After Katrina, for example, it was out of service for two years as extensive repairs were done to the overhead power system. When it re-opened, the Warren Easton Marching Band was enlisted to herald its return. I'd never seen a band march on the neutral ground before.
But that only lasted a few short years before it was determined that the whole line would need to be dug back up in order to replace rotting rail ties.
This project only took three years to complete.
The original idea was to do the upriver half of the line, between South Claiborne and Napoleon avenues, followed by the downriver half, from Napoleon Avenue to Canal Street, with the whole project wrapping up by early 2012. Things did not go as forecast.
The contractor hired to handle the $7 million project almost immediately walked off the job, bringing all work to a halt for a few months. Then, once it resumed, the task turned out to take far longer than expected, and the project was split into multiple phases.
But even then, a few short months later, they had to go dig right back in.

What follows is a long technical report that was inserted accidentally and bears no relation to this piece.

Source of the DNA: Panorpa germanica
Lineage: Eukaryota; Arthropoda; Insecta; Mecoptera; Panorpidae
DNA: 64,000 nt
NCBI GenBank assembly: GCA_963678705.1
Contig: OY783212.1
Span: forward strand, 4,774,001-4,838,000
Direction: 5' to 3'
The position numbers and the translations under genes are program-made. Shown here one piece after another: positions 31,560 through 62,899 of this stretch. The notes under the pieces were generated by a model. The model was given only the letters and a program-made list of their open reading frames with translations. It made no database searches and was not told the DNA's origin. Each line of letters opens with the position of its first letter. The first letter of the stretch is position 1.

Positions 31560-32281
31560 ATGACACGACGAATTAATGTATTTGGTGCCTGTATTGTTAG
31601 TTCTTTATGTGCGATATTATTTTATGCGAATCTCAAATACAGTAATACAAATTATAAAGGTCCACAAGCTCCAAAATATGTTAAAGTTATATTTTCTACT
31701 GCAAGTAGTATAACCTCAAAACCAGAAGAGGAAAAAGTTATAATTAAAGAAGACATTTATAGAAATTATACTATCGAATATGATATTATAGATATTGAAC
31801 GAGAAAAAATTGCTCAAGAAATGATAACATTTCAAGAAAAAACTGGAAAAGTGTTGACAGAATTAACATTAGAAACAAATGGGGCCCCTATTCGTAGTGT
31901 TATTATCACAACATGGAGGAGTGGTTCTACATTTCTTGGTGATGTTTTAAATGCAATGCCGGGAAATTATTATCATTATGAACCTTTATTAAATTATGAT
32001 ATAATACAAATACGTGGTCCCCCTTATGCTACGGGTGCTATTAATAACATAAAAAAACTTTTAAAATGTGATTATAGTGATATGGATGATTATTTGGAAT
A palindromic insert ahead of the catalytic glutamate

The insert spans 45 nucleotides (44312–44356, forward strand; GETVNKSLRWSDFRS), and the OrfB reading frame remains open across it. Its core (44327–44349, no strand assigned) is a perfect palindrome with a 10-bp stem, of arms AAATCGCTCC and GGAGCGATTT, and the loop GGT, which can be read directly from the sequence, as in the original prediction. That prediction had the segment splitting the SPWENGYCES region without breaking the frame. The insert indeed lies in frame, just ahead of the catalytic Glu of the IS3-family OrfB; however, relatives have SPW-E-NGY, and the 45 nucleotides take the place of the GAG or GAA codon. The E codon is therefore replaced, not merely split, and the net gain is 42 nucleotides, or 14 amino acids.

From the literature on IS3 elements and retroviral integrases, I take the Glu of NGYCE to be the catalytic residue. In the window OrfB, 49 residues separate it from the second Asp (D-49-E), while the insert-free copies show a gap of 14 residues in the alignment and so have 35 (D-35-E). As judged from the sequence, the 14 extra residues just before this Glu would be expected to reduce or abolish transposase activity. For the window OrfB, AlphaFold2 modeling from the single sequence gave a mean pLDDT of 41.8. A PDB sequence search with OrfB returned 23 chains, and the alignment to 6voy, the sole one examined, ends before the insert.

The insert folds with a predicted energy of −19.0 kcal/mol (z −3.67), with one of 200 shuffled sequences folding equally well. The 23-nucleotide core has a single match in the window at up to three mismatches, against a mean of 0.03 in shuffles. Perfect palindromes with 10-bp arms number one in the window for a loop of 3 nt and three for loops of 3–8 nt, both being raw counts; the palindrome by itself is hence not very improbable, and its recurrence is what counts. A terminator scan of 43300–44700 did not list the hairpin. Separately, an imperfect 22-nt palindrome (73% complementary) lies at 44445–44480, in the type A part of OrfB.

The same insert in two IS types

Streetcar service through the Uptown area will be interrupted in three phases over the summer in order to accommodate the SELA drainage project, RTA officials told Carrollton residents on Monday night.And so all summer (the tourism offseason, btw) nobody could get across any of the major intersections of St. Charles without hassle.
And, of course, no streetcars ventured out of the first ward.
Uptown residents, well used now to disappointment, heard the promise that rail work would finally end in early September and hunkered down for news of an extension.
But then today, things are looking up.
Streetcar service along the entire length of St. Charles Avenue is to be restored this weekend, according to the Army Corps of Engineers.Don't get too too excited. The Uptown Demilitarized Zone is still very much in effect. SELA is not expected to be complete until 2018 (at the earliest.) But just the notion that one small part of the project can finish on time should give some folks some hope. Maybe we should schedule a parade.
Just don't expect similar relief from construction sites for drivers on New Orleans' storied thoroughfare.
Crews are just about finished installing sections of three new drainage canals below the streetcar tracks that cross Jefferson, Napoleon and Louisiana avenues. But work on the canals will continue underneath the adjacent road pavement for the next few months, requiring drivers to still shift lanes across the neutral ground.
The streetcar should start carrying passengers Sunday from Canal Street clear to the end of the line at South Carrollton and Claiborne avenues, the corps announced Wednesday (Sept. 2) on behalf of the Regional Transit Authority.